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Reflections on Bear Hibernation and Behavior

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Since moving to the mountains of Southern Colorado, we have encountered many black bears and because of those encounters, we have learned much about the species. I have posted several articles on bears in the past but I’m not sure enough can be said about these interesting animals.

I seem to be constantly looking up black bear characteristics or traits on the internet to be better informed. Perhaps one of the best sources of information and a site I access is called the North American Bear Center in Minnesota (NABC). There seems to be an abundance of misinformation about bears that circulates and every time there is a human encounter that goes bad, the bear is the one pictured in a bad light.

This time of year, our bears are in hibernation and being able to do that has always fascinated me. Now that we have them around frequently and I have been able to observe them over the years, I have come to really appreciate this often maligned animal. When it comes to parenting, I believe the human species could learn much from the black bear.

I have observed the mother bear with their cubs on many occasions and they are a no-nonsense parent to the young. When the cub does something wrong, the mother is not at all hesitant to make a firm correction. I also have witnessed the love and affection they demonstrate and how protective they are of their vulnerable young — all aimed to help the cub live on their own in the wild.

We once had a young cub (very small) wander through our property. It was wet and looked miserable but we knew enough not to go to its aid. A short while after it left, we saw the mother coming down the road with a determination I had never witnessed on a mother bear before. It would have been a huge mistake to get between her and her cub, which was probably several hundred yards away by then, as she was in no mood to be deterred from her objective.

I find it incredible that bears and other smaller critters can hibernate. Our winters are sometimes 7+ months long, and for any animal to put itself into a dormant state for that long is simply amazing. Their heart rate and metabolic rate is greatly reduced. It is during this hibernation period that they give birth.

During this hibernation they live off the body fat they have stored up. Just prior to hibernation, they consume huge amounts of water and food. From what I have observed, they eat mostly grasses, vegetation, berries and insects. We note in the fall rotten logs torn apart where the bear has apparently been seeking ants and grubs. While they hibernate, they do not eat, drink, urinate or defecate.

I had always heard that they eat roughage to create a plug in their intestine. From reading the NABC data, they actually create that plug with secretions and residual matter in their intestinal tract. The former was strictly myth. Just imagine if we humans could hibernate and shut down our systems where our bodies would live off our body fat. Eureka! Diets and obesity treatments would no longer be needed.

We have discovered a den that has been used over the years by bears to hibernate toward the top of our mountain in a prominent rock outcropping. It is just large enough to accommodate a full-grown bear and there is evidence they are using it regularly. Being equipped with the ability to hibernate and give birth is a unique ability that is mostly associated with black bears.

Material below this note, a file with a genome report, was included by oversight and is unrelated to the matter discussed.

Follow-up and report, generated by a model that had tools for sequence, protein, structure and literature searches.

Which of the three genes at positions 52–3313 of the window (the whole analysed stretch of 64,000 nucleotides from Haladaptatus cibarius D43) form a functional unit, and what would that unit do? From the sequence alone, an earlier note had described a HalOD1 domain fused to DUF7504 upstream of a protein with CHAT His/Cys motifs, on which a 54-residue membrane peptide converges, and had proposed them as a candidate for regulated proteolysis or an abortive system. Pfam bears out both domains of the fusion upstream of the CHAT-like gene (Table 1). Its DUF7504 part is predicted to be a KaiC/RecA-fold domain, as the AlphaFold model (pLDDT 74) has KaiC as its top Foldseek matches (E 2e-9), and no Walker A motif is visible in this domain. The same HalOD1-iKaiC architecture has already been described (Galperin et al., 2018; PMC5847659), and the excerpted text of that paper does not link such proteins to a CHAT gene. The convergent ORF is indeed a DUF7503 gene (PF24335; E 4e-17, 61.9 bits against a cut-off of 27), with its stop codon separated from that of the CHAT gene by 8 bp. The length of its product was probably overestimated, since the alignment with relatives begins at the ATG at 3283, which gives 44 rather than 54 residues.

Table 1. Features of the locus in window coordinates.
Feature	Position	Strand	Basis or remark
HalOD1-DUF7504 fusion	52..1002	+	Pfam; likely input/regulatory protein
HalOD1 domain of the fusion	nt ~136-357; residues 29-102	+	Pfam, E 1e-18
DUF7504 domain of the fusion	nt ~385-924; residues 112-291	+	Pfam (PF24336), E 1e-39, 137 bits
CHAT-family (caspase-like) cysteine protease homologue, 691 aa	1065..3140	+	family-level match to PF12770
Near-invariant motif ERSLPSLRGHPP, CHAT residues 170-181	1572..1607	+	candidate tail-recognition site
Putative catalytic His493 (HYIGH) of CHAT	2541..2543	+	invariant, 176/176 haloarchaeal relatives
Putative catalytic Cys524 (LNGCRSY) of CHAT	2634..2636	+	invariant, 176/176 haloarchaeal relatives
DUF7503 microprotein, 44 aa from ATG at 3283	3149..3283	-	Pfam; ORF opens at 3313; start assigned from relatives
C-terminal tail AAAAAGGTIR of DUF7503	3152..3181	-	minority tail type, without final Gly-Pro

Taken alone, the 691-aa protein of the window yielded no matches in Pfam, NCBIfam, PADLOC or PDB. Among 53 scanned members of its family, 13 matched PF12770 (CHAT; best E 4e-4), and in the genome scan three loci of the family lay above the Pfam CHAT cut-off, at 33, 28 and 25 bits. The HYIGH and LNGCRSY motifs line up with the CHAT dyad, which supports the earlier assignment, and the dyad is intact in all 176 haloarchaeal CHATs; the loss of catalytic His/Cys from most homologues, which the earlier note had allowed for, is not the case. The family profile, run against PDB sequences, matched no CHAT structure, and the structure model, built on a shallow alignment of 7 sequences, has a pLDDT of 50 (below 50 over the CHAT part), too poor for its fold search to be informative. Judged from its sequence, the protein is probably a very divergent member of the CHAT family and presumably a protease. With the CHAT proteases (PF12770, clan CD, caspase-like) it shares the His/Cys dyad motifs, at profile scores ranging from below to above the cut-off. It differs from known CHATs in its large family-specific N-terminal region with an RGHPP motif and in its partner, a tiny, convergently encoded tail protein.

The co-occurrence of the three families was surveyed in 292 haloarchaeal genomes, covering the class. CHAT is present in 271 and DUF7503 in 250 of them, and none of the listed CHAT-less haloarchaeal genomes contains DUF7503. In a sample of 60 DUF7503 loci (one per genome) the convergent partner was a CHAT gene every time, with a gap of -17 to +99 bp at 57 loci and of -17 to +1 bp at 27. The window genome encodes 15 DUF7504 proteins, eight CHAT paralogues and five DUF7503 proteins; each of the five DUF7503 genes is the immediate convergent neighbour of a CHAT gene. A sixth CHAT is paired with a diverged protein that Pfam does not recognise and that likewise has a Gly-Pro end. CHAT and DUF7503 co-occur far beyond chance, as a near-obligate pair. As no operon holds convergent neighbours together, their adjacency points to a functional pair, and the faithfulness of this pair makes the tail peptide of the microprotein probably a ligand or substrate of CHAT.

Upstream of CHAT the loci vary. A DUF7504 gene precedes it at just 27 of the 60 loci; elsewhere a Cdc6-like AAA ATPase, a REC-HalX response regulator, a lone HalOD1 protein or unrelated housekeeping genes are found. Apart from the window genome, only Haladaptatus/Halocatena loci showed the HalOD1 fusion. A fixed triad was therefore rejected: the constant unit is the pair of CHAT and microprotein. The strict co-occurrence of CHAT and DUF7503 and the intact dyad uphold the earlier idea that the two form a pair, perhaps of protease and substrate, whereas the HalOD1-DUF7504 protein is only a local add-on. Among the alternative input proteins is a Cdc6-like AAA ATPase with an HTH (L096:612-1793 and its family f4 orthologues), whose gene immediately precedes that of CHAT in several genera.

Incidentally, black bear is a species and while most are black in color, I have witnessed them blonde and various shades of brown. I can see why teddy bears are so popular with people of all ages, because if you have ever seen a black bear cub up close they, are adorable.

I have observed the incredible strength of bears and perhaps that is why people fear them. I have had to use a 5-foot steel pry bar to move the same rock that I observed a black bear move with one arm effortlessly. They will roll over or lift up a large rock to get at the edible insects under the rock.

Their strength is certainly something to be cautious of, but I have not run into any purely aggressive black bears. Usually they are curious or just making sure we are no threat to them. When there is a bear-human encounter and the human is injured, it always seems to be reported all the news venues. Such stories seem to demonize the bear and do not hold the human accountable for the encounter — hence the bear usually pays with its life.

If the human doesn’t suddenly surprise the bear, and if the human remains calm and talks in a calm voice and slowly backs away giving the bear space, the chances for a sudden encounter ending favorably for both human and bear is greatly enhanced. If we humans emit a scent of fear that triggers an attack by a bear, every encounter would end with an attack. It would be the very rare human who, when suddenly encountering a bear, isn’t afraid. It is your body movements and how you conduct yourself that presents a threat, or not, to a bear.

It seems every year we have at least one unexpected encounter and we have yet to have a serious encounter from a black bear in 18 years. Living with nature, I find the black bears’ ability to hibernate for 7 months a year as astounding as the tiny hummingbirds ability to migrate hundreds of miles and stop at the very same spot along the way each year and then to return to a feeders specific location.

Nature is amazing and the hibernation ability of the black bear is especially interesting to me.

For more on Bruce and Carol McElmurray and their wildlife observations and lifestyle go to: McElmurray's Mountain Retreat. Read all of Bruce's MOTHER EARTH NEWS posts here.

Source: North American Bear Center.


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